The ground floor in plastics pollution

The ground floor in plastics pollution

People worldwide celebrate Earth Day every year on April 22. This year's campaign focuses on ending plastic pollution.

Plastic is part of our daily lives, from the cradle to the grave. We use it for our food containers, as part of our clothes and millions of items that we also throw away during our lifetime, especially single-use plastic products like bags, straws and as sticks with cotton swabs.

The trash may end up in landfill sites, but also somehow manages to enter our seas. It is estimated that the mass of plastic-waste leakage into the ocean is about 8 million metric tonnes a year. If the current situation is not controlled, the volume of plastic floating and submerging in the ocean could nearly double to reach 250 million metric tonnes by 2025.

It is a serious situation and considered one of the greatest environmental challenges. Plastic debris can harm marine life and seabirds, as well as contaminate our food safety.

Research found that one in three marine mammals become entangled in marine waste, like unwanted fishing nets. The defragmented plastic waste known as microplastics, about the size of a sesame seed, can be ingested by fish and might end up on our dinner plates.

Research by Australia's Commonwealth Scientific and Industrial Research Organisation found that more seabirds eat plastic waste. In 1960, the number of plastic debris found in birds' bellies was less than 5%, but it jumped to 80% in 1980. The birds mistook plastic waste for food. Scientists found plastic bags, bottle caps, synthetic fibres from clothing, and tiny bits of plastics in their stomachs. The research also forecasted that it is likely that 99% of seabirds will consume plastic debris by 2050.

The year 2050 is also when many scientists believe that if our habits of consumption do not change, the total amount of plastic debris in the ocean will outnumber fish when measured by weight.

The top five countries that contribute 55-60% of plastic waste in the ocean are in Asia. It is a shame that Thailand is one of them, replacing Sri Lanka in the previous research from 2010.

According to a report titled Stemming The Tide: Land-Based Strategies For A Plastic-Free Ocean of the Washington-based Ocean Conservancy, a non-profit environmental advocacy group, the top five ocean polluters are China, Indonesia, the Philippines, Thailand and Vietnam.

The research cited the major reason as being the growth of the economies of emerging countries. The people tend to spend more on things they want, like soft drinks, packaged food or goods that soon become trash.

The Pollution Control Department reported that waste production by Thais increases every year. Department statistics show that 23.93 million tonnes of waste were collected nationwide in 2008, and last year the total reached 27.04 million tones, up 13%.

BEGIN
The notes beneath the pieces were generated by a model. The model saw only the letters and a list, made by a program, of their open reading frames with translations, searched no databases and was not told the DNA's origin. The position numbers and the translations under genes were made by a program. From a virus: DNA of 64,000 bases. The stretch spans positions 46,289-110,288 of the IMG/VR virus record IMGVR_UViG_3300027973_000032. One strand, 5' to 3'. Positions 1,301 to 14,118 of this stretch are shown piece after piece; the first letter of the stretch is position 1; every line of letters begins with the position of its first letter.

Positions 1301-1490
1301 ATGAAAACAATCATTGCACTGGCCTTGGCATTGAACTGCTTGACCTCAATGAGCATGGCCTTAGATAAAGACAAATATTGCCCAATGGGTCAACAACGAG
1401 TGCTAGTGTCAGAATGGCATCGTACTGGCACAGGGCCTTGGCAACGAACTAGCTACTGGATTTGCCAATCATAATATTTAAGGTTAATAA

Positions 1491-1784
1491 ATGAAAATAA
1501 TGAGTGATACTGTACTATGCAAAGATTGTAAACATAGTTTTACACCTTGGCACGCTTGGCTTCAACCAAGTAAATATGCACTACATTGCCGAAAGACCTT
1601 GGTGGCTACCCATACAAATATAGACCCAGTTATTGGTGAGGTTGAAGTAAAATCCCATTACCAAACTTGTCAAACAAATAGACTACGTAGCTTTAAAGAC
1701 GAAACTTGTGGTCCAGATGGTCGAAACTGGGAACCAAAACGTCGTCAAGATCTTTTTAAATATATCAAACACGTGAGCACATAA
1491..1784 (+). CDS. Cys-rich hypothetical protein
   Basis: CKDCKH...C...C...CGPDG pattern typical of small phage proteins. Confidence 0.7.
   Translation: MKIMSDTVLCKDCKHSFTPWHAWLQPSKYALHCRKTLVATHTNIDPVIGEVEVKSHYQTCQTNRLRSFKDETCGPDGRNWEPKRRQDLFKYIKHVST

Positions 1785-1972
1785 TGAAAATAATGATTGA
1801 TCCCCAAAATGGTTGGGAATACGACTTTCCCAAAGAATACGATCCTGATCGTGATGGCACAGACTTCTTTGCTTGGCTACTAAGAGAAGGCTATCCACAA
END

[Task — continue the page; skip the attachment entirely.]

Bangkok is the champion of waste producers, followed by Chon Buri, Nakhon Ratchasima, Samut Prakan and Khon Kaen. Not all the trash can be properly managed. Of 27.04 million tonnes of waste, only 9.5 tonnes, or 36%, is managed, with 5.76 million tonnes or 21% of that trash reused or recycled.

The report offers a set of solutions that if followed by the five countries, will reduce global plastic-waste leakage to the seas by about 45% over the next 10 years.

No, it is not about banning plastic bags, because the policy can be effective only in specific retail channels. And no, it is not about reducing the quantity of plastic in packaging, because that packaging will not be reused or sorted by garbage pickers for recycling, although it may reduce plastic consumption by a few percentage points.

The study has some suggestions for the country's policymakers, including the improvement of waste-collection services and closing leakage points at dump sites, especially those sites located near waterways, and using technology to convert plastic waste into fuel. However, the waste-to-fuel option always leads to serious debates or protests.

We as individuals also can take action.

Some of us may already have reduced the use of plastic bags in our daily lives. And yes, we can do a little bit more by trying to avoid single-use plastic products. We may start with little things like straws.

If we use just one plastic straw a day, and perhaps one-third of Bangkok does the same, that means at least 2.7 million are dumped daily. Many may be blown away and block our drainage systems or end up in the sea.

Take a moment before deciding to use -- or to avoid the use of -- plastic straws. This choice can help end plastic pollution.


Karnjana Karnjanatawe is a travel writer of the Life section of the Bangkok Post.

Karnjana Karnjanatawe

Travel writer

Karnjana Karnjanatawe is a travel writer for Life section.

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